A convention of surveyors from several foreign countries who were meeting in the nation's capital ordered 500 tickets to the game. But when they were informed that the U.S. version of football is not soccer, as they had presumed, they returned most of their tickets. Maryland, which tacked 15,000 extra seats on to Byrd Stadium to accommodate the record crowd of 54,412, had little trouble filling the vacancies. It was a pity, though, that the surveyors did not show up for they would have seen a sterling exhibition of what the strange pastime called college football is all about.
When on the eve of the game the M.C. at a Washington Touchdown Club luncheon said that Maryland needed all the extra tickets it could get to seat "the 5,673 players Bryant is bringing up here," Claiborne replied that "we don't have 70 players to put into a game. So we'll play 40 or so and hope for the best. I think the fourth quarter will be very significant." Later, when told that Alabama's fresh hordes were so proficient at sustaining their attack that in the final quarter last season they outscored their opponents by the margin of 147-26, Claiborne leaped from his record book to show that his 1973 team had enough staying power to better its rivals by a 114-26 margin.
Soon after the game began it looked as if it might be over well before the fourth quarter. After winning the toss, Alabama rolled 73 yards in 11 plays to score on a seven-yard blast by Calvin Culliver, a fleet fullback who sped past the Terrapins like the proverbial hare. In one series of plays in the second quarter he cracked over left guard four times in a row, his final effort resulting in a 73-yard dash that put Alabama ahead 14-0. Maryland gamely tried to rally but the Alabama defense, headed by End Mike Dubose and Tackle Charles Hannah, who is taking over where his All-America brother John left off before joining the New England Patriots, was having none of it. Sputtering out when it counted most, the Terrapins had to settle for two long field goals by Steve Mike-Mayer, a Hungarian whose kicking style would have been recognizable to the surveyors and whose older brother Nick does the same thing for the Atlanta Falcons.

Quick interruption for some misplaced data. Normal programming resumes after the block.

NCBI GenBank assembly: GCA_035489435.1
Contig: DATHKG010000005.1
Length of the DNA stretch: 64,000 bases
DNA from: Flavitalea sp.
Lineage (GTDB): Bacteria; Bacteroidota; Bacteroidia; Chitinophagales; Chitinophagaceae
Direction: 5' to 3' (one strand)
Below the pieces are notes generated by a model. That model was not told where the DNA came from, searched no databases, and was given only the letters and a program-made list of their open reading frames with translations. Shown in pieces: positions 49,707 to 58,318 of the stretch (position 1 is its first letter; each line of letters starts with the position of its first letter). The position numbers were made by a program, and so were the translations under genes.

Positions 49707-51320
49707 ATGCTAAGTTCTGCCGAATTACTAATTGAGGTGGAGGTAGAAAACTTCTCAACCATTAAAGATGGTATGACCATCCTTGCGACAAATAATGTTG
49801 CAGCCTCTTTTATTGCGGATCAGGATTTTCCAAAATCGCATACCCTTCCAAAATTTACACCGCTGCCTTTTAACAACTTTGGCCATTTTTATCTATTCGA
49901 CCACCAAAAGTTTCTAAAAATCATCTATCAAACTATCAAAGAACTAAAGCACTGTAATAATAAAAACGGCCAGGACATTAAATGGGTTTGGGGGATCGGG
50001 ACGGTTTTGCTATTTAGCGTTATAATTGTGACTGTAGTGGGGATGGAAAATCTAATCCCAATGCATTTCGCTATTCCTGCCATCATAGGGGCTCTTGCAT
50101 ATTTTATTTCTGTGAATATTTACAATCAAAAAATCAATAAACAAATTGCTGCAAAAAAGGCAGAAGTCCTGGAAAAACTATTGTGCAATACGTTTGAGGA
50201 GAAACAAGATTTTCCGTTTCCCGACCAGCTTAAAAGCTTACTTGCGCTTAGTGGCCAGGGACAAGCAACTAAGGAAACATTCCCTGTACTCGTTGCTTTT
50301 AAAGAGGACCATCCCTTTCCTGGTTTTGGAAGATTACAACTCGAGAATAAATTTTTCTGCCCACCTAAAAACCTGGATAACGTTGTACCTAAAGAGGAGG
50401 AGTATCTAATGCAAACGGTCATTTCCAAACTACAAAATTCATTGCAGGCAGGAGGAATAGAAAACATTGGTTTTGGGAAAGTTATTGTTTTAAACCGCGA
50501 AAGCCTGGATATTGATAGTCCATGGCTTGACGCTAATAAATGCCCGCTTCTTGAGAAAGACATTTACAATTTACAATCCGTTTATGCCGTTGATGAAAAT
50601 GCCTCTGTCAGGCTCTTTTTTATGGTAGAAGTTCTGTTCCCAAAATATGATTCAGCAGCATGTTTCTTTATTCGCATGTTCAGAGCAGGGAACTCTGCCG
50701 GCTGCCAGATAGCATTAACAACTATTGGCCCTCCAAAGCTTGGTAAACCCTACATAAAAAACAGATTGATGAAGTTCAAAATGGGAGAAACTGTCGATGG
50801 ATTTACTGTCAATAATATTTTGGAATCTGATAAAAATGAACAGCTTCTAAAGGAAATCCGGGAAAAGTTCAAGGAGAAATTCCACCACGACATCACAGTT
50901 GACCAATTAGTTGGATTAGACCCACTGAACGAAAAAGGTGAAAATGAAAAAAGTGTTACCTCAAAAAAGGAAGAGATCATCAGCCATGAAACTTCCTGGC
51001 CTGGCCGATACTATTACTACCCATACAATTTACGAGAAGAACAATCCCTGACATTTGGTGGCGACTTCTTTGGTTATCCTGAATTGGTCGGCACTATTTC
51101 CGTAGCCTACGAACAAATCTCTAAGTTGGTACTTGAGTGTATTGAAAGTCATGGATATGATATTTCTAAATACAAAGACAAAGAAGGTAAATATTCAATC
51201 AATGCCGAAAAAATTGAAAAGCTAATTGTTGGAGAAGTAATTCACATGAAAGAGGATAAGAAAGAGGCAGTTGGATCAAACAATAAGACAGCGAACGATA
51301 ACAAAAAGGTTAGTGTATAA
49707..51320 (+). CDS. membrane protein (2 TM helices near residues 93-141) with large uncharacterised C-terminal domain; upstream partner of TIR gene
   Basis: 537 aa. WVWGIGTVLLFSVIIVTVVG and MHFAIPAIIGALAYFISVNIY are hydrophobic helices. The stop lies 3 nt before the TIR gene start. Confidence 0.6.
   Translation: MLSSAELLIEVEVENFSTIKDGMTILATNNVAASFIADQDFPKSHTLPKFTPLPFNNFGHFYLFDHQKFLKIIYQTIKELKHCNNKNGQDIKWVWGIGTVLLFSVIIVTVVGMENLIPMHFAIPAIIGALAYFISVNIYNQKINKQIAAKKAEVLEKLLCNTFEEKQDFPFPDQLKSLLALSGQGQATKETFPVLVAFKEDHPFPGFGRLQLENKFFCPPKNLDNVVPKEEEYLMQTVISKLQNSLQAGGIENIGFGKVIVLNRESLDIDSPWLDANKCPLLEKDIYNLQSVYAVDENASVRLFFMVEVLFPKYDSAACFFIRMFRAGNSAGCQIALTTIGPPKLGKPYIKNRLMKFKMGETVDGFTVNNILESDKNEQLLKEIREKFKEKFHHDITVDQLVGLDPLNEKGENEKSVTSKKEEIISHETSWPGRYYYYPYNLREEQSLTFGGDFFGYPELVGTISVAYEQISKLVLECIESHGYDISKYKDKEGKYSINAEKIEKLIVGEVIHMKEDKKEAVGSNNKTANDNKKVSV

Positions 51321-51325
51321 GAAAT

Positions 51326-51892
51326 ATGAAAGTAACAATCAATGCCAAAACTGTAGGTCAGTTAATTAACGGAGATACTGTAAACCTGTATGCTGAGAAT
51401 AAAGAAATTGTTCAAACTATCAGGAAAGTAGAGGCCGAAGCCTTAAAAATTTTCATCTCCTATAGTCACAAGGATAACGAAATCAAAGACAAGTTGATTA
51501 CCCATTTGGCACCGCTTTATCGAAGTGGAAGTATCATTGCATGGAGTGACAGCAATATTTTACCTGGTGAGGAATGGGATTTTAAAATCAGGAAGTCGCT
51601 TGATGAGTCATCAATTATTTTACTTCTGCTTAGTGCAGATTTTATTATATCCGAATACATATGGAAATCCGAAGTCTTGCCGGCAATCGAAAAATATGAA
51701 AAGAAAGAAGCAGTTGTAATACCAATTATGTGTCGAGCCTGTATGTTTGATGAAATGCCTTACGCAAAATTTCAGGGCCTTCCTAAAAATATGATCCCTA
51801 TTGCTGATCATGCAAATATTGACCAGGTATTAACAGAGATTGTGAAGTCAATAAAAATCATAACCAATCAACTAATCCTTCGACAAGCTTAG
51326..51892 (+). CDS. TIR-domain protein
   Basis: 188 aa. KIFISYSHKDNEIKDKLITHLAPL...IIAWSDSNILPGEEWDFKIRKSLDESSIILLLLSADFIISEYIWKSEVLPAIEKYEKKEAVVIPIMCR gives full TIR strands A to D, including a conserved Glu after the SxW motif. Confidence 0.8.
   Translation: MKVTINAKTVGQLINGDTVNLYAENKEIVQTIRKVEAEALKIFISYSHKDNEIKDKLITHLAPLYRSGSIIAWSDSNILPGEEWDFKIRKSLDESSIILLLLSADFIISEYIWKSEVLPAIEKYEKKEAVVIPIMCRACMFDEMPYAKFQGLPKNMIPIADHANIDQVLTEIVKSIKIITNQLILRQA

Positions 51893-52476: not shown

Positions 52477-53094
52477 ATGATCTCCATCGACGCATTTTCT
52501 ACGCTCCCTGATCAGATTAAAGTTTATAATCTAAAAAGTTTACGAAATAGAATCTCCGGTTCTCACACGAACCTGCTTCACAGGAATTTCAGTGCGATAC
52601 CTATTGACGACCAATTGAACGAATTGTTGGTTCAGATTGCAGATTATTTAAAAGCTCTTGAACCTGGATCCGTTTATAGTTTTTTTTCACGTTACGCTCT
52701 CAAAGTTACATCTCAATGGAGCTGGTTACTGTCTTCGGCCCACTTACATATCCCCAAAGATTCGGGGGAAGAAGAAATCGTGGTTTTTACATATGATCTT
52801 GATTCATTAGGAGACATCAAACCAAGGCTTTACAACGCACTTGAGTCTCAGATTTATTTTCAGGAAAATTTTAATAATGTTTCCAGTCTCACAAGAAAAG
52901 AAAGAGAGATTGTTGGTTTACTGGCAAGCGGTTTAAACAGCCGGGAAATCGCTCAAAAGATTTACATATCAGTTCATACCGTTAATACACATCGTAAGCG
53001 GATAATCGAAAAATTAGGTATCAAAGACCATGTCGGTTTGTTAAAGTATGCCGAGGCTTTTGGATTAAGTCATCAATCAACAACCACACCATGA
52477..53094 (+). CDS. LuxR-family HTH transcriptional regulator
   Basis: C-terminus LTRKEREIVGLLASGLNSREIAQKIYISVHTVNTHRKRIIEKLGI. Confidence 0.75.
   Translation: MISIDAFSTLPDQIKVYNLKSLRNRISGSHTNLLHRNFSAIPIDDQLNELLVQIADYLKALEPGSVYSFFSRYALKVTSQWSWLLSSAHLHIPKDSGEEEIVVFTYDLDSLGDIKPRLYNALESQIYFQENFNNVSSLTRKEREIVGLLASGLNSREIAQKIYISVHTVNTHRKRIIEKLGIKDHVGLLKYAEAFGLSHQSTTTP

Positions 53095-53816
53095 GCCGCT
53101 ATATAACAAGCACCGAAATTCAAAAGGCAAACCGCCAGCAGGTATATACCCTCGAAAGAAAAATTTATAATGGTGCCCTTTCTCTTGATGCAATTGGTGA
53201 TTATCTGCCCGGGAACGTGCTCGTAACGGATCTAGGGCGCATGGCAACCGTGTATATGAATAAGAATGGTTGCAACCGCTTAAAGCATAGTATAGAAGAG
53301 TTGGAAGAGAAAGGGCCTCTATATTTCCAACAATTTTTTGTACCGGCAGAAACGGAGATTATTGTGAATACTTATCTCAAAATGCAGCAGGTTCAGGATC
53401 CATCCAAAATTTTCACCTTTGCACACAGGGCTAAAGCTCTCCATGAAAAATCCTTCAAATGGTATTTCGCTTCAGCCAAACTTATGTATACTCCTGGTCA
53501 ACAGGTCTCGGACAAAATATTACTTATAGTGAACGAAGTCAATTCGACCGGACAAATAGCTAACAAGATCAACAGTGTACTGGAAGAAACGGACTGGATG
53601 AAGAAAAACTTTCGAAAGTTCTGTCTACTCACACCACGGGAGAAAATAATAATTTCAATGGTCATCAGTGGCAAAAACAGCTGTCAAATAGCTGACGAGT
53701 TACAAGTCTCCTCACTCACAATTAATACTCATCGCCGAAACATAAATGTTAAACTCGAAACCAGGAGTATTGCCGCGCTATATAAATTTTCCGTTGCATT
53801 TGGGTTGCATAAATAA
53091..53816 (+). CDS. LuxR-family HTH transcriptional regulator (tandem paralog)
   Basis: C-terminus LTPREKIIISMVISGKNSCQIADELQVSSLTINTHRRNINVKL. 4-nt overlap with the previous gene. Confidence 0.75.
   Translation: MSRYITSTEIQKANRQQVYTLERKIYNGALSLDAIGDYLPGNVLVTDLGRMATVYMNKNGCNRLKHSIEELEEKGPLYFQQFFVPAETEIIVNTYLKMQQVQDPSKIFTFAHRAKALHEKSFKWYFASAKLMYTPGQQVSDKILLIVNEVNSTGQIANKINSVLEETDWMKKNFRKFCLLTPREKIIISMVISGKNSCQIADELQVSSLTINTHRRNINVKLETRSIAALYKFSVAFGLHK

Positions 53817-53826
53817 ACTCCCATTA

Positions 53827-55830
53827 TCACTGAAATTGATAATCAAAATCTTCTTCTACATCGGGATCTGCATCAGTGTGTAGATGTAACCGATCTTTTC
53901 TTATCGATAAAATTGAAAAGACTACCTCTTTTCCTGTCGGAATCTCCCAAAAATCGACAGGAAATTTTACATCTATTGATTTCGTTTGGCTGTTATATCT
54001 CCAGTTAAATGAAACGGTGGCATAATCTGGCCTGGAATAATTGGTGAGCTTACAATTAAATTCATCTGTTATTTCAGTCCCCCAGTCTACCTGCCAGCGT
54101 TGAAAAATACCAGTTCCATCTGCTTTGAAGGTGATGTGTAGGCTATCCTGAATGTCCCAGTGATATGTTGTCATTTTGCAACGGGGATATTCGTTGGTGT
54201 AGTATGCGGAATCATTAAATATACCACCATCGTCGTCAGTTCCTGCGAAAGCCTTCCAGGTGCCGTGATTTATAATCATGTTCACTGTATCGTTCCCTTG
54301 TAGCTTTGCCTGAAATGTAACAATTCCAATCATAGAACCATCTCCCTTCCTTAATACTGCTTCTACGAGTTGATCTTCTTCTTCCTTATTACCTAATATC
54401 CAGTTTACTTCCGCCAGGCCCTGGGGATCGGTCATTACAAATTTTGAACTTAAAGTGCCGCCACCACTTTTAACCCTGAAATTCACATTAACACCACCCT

With Culliver piling up 154 yards in the first half, the Tide looked all but unstoppable. Any prospect of Maryland breaking the Alabama tradition of strong finishes was quickly dismissed by one Southern journalist. "It's like tryin' to eat turnip greens with a spoon," he drawled. "There ain't no way to do it."
But there was. Claiborne's remedy of crisscrossing his tackles and ends on the defensive rush, for example, cut off Culliver so effectively that he gained but a scant 15 yards in the second half. Randy White and Linebacker Harry Walters were also harassing 'Bama Quarterback Richard Todd to the point that he turned erratic, most glaringly when he tried for a coffin-corner kick and the ball traveled only seven yards.
Bryant has come to expect the unusual from Todd. When he first saw him play, he said, "If he gets the little things down, he will be the greatest quarterback ever at Alabama. And he's going to get them down or I'll choke him to death." The Bear was ready to do exactly that when Todd, who inherited the starting slot after the No. 1 quarterback, Gary Rutledge, suffered a shoulder separation in a scrimmage two weeks ago, faked a punt and ran on fourth and five deep in his own territory. But Todd picked up a crucial first down. "I wouldn't have done it," Bryant said later. "But that's why he's our quarterback and I'm just stupid."
After Mike-Mayer added a third field goal to make it 14-9, Todd recovered his cool long enough to engineer another touchdown, but the gritty Terp defense kept snatching the ball back. On the second play of the fourth quarter Louis Carter rammed into the end zone, again narrowing the margin to five points. The key play in the drive came when Terp Quarterback Ben Kinard faked a beautifully deceptive handoff and ran for 23 yards to the Tide seven. Carter's touchdown made it 21-16 and so it remained as Alabama let the clock run out on a long and difficult afternoon.
For Maryland, a two-touchdown underdog to one of the nation's highest ranked teams, the answer to Claiborne's question about how far his team has progressed was very far indeed. For Alabama the reaction of Assistant Coach Bud Moore was typical. When someone remarked that the Tide met a pretty good football team, Moore said that considering the rough working over Alabama got, "I hope they're a great team."
Claiborne was in no mood for consolation talk. Shaking his head in the locker room, he said, "Ed rather play bad and win. I'm not the kind of coach who wants to play a close game."
Looking ahead to a schedule that includes Florida, Penn State and North Carolina State, Claiborne is hardly the sort to be unrealistic. "It's very possible that we'll have a better team this year but a worse record," he said.